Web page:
"Do you want to hear what I did to Mari? I bet you do. Pervert. You want to hear how tight your little homecoming queen was?" Among the latest fads in Hollywood is to remake every other horror movie released throughout the 1970s and '80s. Predictably, this has caused an outcry of criticism and a number of bad films to clutter the cinematic climate. However, Wes Craven's directorial debut, 1972's The Last House on the Left, is a film that left room for improvement. Despite its reputation and cult status, the movie has not aged well. Blemished with amateurish performances, low-rent production values and a terribly uneven tone, the original Last House on the Left is merely a footnote in the genre only note-worthy due to the controversy it stirred up as well as the fact that it was Craven's first film. This 2009 remake therefore had serious potential. Unlike the majority of other horror remakes, The Last House on the Left was not begat by Michael Bay's Platinum Dunes, meaning no hack music video director and far more creativity. Luckily, this remake fulfilled its potential - it's a gripping experience with solid acting and far more substance than you'd expect to find in such a production. While several changes were made for this remake, it remains faithful to the original film's basic premise. Mari Collingwood (Paxton) is vacationing with her family at an isolated summer home, and spends an afternoon with her best friend Paige (MacIsaac). The two meet the shy young Justin (Clark), who invites them to his motel room to smoke weed. Unfortunately, once at the motel, Justin's travelling companions show up: father Krug (Dillahunt), uncle Francis (Paul), and Krug's girlfriend Sadie (Lindhome). As it turns out, the clan are murderous fugitives, and Justin's extended family are less than pleased to find two visitors in their motel room. After kidnapping the girls and stealing their car, Krug, Francis and Sadie proceed to torture and violently dispose of their captives in front of the horrified Justin. With a violent storm approaching, the four seek refuge at the only nearby house: the house occupied by Mari's parents. With both Wes Craven and Sean S. Cunningham backing this remake, it could be said that the two were attempting to refine their ambitious 1972 amateur film. In fact, though many die-hard fans have balked at this statement, Wes Craven himself has admitted that the remake is a marked improvement over his original film in several areas. One thing's for sure: this The Last House on the Left is a far more accomplished movie than the 1972 original - the technique is slicker, the script is smoother, and the tone is not as erratic (the element of slapstick humour has been removed, thank God). It could be argued that this remake is pointless and unnecessary, yet it feels justified since the filmmakers did not set out to simply emulate every aspect of the original. Rather than a mere shot-for-shot remake, screenwriters Adam Alleca and Carl Ellsworth chose to expand upon Craven's original and add new ideas. While it may be argued that the cinma vrit aesthetic of Craven's original added to the visceral impact, the film's technical shortcomings nonetheless stick out like a sore thumb all these years on. For this remake, Greek director Dennis Iliadis proves to be a visually sophisticated filmmaker, and has done an excellent job of sustaining mood and tension, as well as generating and maintaining a powerful, intense atmosphere of dread. In particular, the middle portion of the film is masterfully executed, with build-ups of tension worthy of Hitchcock. The original Last House on the Left gained its notorious reputation due to its overly gory content, and 2009's Last House on the Left is therefore an uncompromisingly violent and gory horror film as well. It features one of the most horrific rape scenes ever committed to celluloid, in addition to violence that's unsettlingly realistic and stomach-churning. While Michael Bay's name may not be attached to the credits of The Last House on the Left, there are a few sleazy elements that may trick you into thinking you're watching a Bay-produced horror film. For instance, the camera leeringly lingers on Mari's body at the beginning, and the very last scene is a schlocky, unnecessary inclusion merely for the sake of the gore-hounds. Also, the film lacks the intellectual punch of the original, and thus feels a bit more disposable. With that said, however, horror films usually falter on the acting front, but The Last House on the Left excels in this department. Garret Dillahunt and his three companions are far more disquieting than their 1972 counterparts. Dillahunt is the standout here; his work is riveting as the reprehensible Krug. As Krug's brother, Aaron Paul is menacing, while Riki Lindhome is convincing as Sadie. The youthful Spencer Treat Clark is impressive as well, with his performance allowing Justin to emerge as a moral blank slate. Tony Goldwyn and Monica Potter are uniformly exceptional as Mari's parents, while Sara Paxton is appealing as Mari. Problems in the execution aside, The Last House on the Left is superior to Craven's original; serving up top-calibre cinematic techniques, honest-to-goodness tension, an interesting new take on the story and a plethora of excellent performances. It's also the best remake of recent years - perhaps the best remake of a classic horror film ever. Of course, the dedicated fans of the 1972 film may not take kindly to the changes made, yet it's different for the better and this should be recognised. One should take into account that Craven praised this version, and also revealed he won't bother to see the 2010 remake of A Nightmare on Elm Street.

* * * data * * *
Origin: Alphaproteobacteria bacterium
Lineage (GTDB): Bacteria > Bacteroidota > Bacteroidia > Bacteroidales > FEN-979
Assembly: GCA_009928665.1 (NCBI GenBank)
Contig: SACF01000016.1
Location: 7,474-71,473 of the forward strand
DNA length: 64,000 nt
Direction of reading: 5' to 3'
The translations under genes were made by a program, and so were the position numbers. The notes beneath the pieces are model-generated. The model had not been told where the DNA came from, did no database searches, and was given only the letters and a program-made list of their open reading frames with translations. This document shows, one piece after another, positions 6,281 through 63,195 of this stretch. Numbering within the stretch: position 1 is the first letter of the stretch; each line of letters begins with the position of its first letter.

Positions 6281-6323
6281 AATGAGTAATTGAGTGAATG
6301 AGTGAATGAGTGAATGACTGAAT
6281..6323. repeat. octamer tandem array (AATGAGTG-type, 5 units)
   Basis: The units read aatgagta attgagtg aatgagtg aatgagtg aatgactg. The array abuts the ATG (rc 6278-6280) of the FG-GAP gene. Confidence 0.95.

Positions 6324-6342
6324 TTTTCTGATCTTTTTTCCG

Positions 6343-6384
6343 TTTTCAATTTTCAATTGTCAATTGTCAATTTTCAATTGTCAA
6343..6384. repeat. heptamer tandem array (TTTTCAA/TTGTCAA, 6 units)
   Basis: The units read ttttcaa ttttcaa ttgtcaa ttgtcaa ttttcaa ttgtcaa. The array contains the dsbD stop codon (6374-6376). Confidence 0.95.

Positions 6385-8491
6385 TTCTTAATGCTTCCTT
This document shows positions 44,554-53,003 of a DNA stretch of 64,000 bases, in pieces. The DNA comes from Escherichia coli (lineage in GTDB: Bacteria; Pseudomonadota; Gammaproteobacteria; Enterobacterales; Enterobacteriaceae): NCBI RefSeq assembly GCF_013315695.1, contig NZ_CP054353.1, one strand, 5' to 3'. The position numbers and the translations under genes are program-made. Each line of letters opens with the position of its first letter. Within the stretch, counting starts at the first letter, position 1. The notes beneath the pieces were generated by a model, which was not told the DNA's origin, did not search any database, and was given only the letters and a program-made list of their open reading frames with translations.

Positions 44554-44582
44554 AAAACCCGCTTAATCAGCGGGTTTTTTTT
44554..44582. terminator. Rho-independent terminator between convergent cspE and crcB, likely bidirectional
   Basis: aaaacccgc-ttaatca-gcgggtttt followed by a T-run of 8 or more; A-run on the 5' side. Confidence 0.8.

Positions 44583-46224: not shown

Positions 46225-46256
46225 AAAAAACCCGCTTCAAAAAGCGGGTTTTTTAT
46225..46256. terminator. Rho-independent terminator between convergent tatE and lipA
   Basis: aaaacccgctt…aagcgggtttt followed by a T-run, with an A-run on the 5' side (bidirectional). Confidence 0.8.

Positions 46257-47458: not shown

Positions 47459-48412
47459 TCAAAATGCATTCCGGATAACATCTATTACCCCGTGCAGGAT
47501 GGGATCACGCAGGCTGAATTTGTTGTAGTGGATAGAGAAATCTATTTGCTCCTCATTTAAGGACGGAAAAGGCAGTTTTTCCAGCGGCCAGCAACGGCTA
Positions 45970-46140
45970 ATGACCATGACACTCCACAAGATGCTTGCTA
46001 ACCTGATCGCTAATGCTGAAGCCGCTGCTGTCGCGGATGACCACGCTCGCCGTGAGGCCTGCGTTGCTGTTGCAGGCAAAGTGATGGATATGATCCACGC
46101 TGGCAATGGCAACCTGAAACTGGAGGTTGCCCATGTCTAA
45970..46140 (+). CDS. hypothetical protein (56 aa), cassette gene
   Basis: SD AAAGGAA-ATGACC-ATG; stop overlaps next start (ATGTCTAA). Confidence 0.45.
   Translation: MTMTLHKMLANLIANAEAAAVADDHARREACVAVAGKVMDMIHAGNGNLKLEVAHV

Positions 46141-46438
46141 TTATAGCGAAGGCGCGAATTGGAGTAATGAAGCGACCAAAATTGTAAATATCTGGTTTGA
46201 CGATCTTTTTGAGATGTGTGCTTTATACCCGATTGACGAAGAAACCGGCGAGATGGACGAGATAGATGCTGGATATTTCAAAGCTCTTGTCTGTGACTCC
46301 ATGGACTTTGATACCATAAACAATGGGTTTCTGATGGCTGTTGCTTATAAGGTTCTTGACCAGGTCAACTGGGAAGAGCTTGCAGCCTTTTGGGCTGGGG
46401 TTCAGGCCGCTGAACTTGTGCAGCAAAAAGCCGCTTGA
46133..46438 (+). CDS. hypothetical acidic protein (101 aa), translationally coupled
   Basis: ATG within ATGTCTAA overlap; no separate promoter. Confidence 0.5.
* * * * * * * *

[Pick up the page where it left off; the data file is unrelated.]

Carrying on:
- PvtCaboose91, Tuesday, June 8, 2010